laughing_tree: (Seaworth)
[personal profile] laughing_tree


What made you come back to WildStorm?

Warren Ellis: I was abducted. Please help. I am sending this message out through an interview in the hope that Jim Lee won't see it and therefore won't give me the hose again.


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laughing_tree: (Seaworth)
[personal profile] laughing_tree


I wanted The Wild Storm, the book, to feel completely, completely different from the Wildstorm work of Image in the early 90s because that stuff, back then, was the most technically accomplished commercial comics in the world. They were the best printed, the best colored, to the point where that is actually really hard to top on a technical production level, so I went the other way. I took it back to the simplest, earliest comics, which are gridwork, and the color work is all watercolor as opposed to CGI shade, and we're on a matte paper stock. -- Warren Ellis

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laughing_tree: (Seaworth)
[personal profile] laughing_tree


When Jim Lee launched WildStorm, the look was best-in-class for commercial superhero comics -- computer-assisted color, pinsharp printing, great paper. We can't replicate that and, frankly, I can't think of a technological way to top it. So let's try something else. Stripped down, stark and authentic. Strongly typographic logos. -- Warren Ellis

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cyberghostface: (Right One 2)
[personal profile] cyberghostface


We've now had two prequels for The Texas Chainsaw Massacre. In 2006 we had The Texas Chainsaw Massacre: The Beginning, a prequel to the 2003 remake, and in 2017 there was Leatherface which purported to be a prequel to the 1974 original. Both in my opinion dropped the ball. The Beginning reduced Leatherface's entire childhood to an opening credits vignette and made him a supporting character to R. Lee Ermey. The 2017 film's version reworked the character to the point that the connection was in name only.

Once again it was Abnett and Lanning who proved that they had a better handle on the character over the filmmakers and producers in charge of the franchise.

Scans under the cut... )
cyberghostface: (Right One 2)
[personal profile] cyberghostface


In 2006 Wildstorm gained the rights to publish comics off of the various New Line Horror characters (Freddy, Jason and Leatherface). Wldstorm's output was a mixed bag but they published some genuinely good stories (such as Jason befriending the deformed child).

In my opinion the best comic published from them was the initial series from 'The Texas Chainsaw Massacre' written by Dan Abnett and Andy Lanning with Wesley Craig on art. It's one of the better horror comics I've read and it makes me genuinely sad that Abnett and Lanning never worked on any of the recent films because they had a much better grasp on what makes the series work.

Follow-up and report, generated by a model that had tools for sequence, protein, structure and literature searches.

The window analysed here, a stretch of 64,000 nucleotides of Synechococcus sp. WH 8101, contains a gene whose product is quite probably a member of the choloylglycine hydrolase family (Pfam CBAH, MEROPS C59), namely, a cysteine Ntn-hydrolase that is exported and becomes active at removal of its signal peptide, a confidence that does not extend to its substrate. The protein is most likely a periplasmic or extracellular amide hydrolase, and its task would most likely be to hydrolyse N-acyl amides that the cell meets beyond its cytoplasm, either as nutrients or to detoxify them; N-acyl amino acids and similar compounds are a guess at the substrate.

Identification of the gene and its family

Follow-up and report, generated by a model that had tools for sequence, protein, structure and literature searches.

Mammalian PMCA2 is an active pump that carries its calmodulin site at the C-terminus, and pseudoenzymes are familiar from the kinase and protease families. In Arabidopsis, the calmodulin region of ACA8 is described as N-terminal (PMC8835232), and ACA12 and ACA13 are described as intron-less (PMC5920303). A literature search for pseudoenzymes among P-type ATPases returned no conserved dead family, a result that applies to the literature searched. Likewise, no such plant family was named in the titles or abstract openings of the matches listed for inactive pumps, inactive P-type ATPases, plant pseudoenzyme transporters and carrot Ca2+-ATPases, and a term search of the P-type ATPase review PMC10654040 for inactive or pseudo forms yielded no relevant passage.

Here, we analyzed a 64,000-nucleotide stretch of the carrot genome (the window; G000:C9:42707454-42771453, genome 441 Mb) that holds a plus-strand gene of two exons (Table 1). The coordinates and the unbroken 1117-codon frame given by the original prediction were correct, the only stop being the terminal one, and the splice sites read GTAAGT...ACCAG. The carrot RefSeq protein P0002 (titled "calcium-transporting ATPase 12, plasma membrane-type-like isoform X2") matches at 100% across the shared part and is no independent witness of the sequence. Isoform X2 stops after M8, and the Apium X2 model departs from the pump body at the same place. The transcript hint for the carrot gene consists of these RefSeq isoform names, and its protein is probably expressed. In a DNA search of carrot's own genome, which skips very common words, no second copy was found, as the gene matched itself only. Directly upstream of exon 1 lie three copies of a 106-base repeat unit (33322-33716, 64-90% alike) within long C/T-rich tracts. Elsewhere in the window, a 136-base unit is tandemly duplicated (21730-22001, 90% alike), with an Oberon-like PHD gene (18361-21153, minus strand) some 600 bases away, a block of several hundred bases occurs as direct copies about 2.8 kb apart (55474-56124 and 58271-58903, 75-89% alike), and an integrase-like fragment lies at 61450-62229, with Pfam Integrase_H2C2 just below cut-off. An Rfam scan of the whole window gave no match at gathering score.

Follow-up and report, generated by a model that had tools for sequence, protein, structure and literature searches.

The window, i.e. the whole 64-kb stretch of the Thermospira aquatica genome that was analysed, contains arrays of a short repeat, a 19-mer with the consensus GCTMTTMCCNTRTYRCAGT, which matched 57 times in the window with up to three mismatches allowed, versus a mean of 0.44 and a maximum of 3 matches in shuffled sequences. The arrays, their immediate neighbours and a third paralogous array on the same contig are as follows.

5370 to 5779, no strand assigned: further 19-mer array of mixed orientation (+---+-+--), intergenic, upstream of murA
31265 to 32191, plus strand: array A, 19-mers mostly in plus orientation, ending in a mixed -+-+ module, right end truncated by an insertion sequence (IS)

Scans under the cut... )
cyberghostface: (Right One 2)
[personal profile] cyberghostface


'The Demon of Sleep' is in my opinion a strong idea that falls short of its potential. It's an interesting premise for a Freddy Krueger story that the films never utilized but fails to go all the way with it. An additional issue would have made a big difference in my opinion. Nonetheless, here it is.

Scans under the cut... )

Albion #1

Sep. 30th, 2018 10:37 pm
[personal profile] history79



DOWNTHETUBES: John, if you had to pitch Albion to sell it to new readers, how would you do it?

JOHN REPPION: Okay, here goes (cue gravely voice over): America has always had it's heroes but where are ours? Who, these days, has ever even heard of Tim Kelly and the Eye of Zoltec or Jim Hollis the Rubberman? It's almost as though these characters never even existed. But then, maybe that's what they want you to think... Albion is the story of perhaps the greatest comic book cover up in history; a journey into a world were what happens on the page is a mere shadow of what happens off it.

DOWNTHETUBES: Sounds good to me! How did the Albion Project and this return of so many British comics characters – characters who haven't been in print in the UK for years -- come about?

LEAH MOORE: I blame Shane for everything. He was speaking to Dad [Alan Moore] and saying he really wanted to do a comic with the old characters from British kid's comics, and Dad being the genial old soul that he is said he'd see who owned them. Shane had the idea that he could somehow buy the rights to the characters but when dad spoke to [Wildstorm editor] Scott Dunbier and asked him, Scott said that maybe Time Warner AOL (the conglomerate that owns DC comics, IPC magazines and most other things too) already did.
Unbeknownst to Dad, Shane or Scott, Bob Wayne was speaking to Andrew Sumner at IPC magazines. Andrew is a huge comics fan and wanted to try and get the old characters out of the dusty old cupboard they had been languishingin. Bob is a fan of British comics too and was happy to take the idea away and figure something out. Scott spoke to Bob, they sorted it all out sodad plotted it, we wrote it and Shane drew it, and even got Dave Gibbonson the covers and the rest is history.


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laughing_tree: (Seaworth)
[personal profile] laughing_tree


What we bring to market is a new world that we always kind of suspected was there, and then show it to be even weirder and nastier than we hoped. Even as we peel more layers off it, there is a shape to it, teams to root for, mavericks to fear for, villains to hate or enjoy. New territories, new maps. -- Warren Ellis

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